Okan & eacute;


Experience a bit of island hospitality right here in the Inland Northwest at this chic little restaurant with modern Asian-inspired minimalist d & eacute;cor. Try the rock shrimp "smitty" ($6), a big mound of tempura-fried rock shrimp with a tangy-sweet drizzle of Okan & eacute; sauce, and the raw sushi roll, with seven slices of flavorful hamachi ($12) beautifully presented. Among entrees, the Hawaiian ($12) -- slow roasted, pulled kalua pork and bok choy, with a raw fish accompaniment -- is a star. 2910 E. 57th Ave., near Albertsons, open Mon-Thu, 11:30 am-2 pm and 5-9 pm; Fri-Sat, 11:30 am-2 pm and 5-10 pm; Sun, 4-8 pm, 448-1779 (Reviewed 7/13/06, LM)





LINNIE'S THAI CUISINE


At a recent performance at the Shop, Portland singer-songwriter Krist Krueger (who plays under the name Southerly) spent much of his between-song gab time extolling the wonders of Linnie's Thai Cuisine. When someone tells you the food at a restaurant made his insides "vibrate," you gotta look into it. Housed in the former Shack on Third Avenue, the menu at Linnie's thankfully doesn't exhibit the same cultural ambivalence its d & eacute;cor does -- we were won over by the pad Thai, the (admittedly diminutive) chicken satay and the red curry with beef and basil leaves. We didn't necessarily vibrate, but we were damn satisfied. 1301 W. Third Ave., 838-0626 (Reviewed 6/29/06, JS)





TITO MACARONI'S


At Tito's, they make the whole family welcome. We loved halibut di parma -- a halibut filet wrapped in prosciutto and baked. The accompanying artichoke heart and herb risotto was rich and delicious. And the amaretto cherry creme brulee ($5) was a delight -- even though I'm normally against any additions, enhancements or even garnishes to my creme brulee. The kids liked the fact that at Tito's the tablecloths are paper and there are plenty of crayons for playing Hangman and drawing pictures of superheroes -- and the ice cream sundaes that came with their $4 meals. In the Coeur d'Alene Plaza on Sherman Avenue, (208) 66-PASTA (Reviewed 6/22/06, LM)





WILD NOODLES


Wild Noodles offers a variety of culinary traditions, fresh food and fast service that feels more like a full-service restaurant. Diners choose from Italian, Asian or American noodle favorites. The lasagna in a bowl ($7.25) is savory and comforting, with 12-hour marinara sauce and fennel Italian sausage. The Bangkok peanut noodle dish with shrimp, rice noodles, veggies and peanut sauce ($8) is clearly an item that works. A spicy garlic shrimp rice bowl ($8.50) would be a hit with more vegetables. Wild Noodles' signature orange chicken with sweet and sour sauce, Sonoran pasta with chipotle cream sauce, mac 'n' cheese with chili flakes and crouton crumbles, sticky sesame chicken with teriyaki sauce and chicken marsala all sound interesting. Wonton s'mores ($3.50) are an adventurous dessert that appeals to the kid in many of us. (Reviewed 6/15/06, SH)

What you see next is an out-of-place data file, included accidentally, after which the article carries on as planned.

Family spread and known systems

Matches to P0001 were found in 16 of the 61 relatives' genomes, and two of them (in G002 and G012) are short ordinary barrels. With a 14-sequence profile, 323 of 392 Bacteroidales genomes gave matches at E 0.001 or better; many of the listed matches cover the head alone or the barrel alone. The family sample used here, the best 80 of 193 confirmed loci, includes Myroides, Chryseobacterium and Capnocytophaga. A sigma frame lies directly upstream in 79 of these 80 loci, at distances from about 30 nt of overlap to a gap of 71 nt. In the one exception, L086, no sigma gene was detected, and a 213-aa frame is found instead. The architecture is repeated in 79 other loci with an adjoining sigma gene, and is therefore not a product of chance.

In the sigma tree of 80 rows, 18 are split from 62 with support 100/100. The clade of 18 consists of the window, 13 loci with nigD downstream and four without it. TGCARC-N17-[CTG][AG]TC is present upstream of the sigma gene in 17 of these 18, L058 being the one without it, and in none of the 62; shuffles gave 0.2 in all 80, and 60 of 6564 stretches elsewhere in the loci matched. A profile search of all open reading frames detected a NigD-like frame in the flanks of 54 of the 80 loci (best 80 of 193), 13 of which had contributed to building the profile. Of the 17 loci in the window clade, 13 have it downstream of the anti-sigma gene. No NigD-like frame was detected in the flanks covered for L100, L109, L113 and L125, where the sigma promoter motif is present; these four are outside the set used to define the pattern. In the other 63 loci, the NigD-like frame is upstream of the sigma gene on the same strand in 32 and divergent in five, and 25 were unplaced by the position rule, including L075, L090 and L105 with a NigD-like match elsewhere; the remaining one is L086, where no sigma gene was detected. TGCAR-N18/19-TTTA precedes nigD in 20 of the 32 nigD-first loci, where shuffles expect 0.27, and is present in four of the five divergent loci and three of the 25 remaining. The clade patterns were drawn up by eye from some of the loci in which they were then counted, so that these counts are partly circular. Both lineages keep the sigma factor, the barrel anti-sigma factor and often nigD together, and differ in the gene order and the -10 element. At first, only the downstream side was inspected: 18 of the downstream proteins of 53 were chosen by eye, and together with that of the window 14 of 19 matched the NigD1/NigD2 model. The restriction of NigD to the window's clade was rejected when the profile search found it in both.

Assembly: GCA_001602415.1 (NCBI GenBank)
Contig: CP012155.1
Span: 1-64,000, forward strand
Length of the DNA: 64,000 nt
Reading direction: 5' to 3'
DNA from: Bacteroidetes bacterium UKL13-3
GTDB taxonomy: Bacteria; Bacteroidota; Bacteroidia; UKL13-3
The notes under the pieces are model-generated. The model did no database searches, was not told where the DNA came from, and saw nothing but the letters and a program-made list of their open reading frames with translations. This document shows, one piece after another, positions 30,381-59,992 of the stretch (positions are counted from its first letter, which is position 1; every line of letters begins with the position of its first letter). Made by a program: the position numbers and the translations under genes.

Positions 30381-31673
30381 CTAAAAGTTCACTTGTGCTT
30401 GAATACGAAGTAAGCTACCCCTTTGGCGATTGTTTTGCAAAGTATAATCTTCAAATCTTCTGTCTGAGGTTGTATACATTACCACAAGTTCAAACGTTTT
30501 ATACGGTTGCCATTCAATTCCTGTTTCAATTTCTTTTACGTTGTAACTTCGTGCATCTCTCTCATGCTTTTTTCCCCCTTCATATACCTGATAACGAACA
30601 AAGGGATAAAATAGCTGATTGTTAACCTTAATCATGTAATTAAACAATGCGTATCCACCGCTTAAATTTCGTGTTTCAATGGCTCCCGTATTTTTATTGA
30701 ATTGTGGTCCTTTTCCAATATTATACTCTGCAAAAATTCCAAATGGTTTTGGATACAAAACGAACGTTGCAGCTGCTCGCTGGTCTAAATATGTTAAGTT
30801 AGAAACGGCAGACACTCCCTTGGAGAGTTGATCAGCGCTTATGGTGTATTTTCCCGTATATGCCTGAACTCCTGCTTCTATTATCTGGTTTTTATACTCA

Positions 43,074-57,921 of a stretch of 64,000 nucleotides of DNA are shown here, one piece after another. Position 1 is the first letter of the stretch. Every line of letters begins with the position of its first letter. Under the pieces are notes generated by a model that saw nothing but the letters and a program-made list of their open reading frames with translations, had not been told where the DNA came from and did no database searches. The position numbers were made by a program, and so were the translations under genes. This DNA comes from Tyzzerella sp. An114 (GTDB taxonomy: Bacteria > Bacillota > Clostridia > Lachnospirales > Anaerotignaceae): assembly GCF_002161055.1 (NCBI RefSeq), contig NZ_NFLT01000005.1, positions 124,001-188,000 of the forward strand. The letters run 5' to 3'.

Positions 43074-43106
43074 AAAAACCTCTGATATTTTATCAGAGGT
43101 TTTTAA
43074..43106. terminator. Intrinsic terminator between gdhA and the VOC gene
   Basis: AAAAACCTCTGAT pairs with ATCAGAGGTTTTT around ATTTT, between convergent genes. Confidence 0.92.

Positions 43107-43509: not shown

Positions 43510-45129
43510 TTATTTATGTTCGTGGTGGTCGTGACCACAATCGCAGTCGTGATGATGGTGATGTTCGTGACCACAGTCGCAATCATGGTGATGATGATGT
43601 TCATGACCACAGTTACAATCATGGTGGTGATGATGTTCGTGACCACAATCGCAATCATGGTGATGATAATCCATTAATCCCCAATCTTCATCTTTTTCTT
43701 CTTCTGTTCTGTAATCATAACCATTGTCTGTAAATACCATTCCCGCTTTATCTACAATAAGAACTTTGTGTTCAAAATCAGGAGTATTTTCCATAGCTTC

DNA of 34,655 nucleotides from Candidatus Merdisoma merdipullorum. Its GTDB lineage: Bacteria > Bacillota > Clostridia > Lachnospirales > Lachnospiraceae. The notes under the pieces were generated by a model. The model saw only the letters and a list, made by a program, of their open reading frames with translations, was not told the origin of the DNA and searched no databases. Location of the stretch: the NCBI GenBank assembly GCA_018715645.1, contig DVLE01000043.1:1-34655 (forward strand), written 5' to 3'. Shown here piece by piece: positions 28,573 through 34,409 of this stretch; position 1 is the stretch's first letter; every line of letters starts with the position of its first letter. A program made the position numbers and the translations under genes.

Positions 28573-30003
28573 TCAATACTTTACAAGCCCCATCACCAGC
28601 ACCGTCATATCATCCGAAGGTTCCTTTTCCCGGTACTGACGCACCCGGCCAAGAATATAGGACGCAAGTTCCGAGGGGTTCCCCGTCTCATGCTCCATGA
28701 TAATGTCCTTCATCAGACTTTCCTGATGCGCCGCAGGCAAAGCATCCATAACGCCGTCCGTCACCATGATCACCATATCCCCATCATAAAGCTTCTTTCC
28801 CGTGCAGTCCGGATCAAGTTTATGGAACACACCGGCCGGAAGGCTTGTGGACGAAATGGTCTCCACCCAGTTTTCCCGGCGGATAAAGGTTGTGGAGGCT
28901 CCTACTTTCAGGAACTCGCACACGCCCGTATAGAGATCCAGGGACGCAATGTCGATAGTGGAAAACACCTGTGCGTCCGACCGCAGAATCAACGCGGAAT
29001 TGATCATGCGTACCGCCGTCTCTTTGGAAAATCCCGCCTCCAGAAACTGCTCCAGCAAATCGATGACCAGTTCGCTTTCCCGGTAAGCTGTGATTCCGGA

Burger Heaven


The ladies behind the counter at Burger Heaven are like your favorite aunties, the ones who always know your preferred kind of cookie and who always keep the jar full just in case you stop by. I needed two hands to hold the double bacon cheeseburger ($6.75). The two standard flat burger patties had a nice charbroiled flavor; they were covered with soft melting orange American cheese and thin slices of smoky bacon. Josh's sourdough burger ($5.80) came on round sourdough bread slices, grilled to just the right crispness. His single burger was juicy and tasty, and he thought the onion rings were great. Josh also ordered a black raspberry shake ($2.65); it was fruity, sweet but not too sweet, with just a hint of tartness. Confirmation of the generous portions came when one of the aunties delivered our plates to the table. Yes, real plates. It takes something stronger than paper to carry a burger this hefty. 13735 Highway 53, Rathdrum, Idaho, open Tue-Sun, 7 am-9 pm, (208) 687-5882. (Reviewed 5/25/06, AC)





Mamma Mia's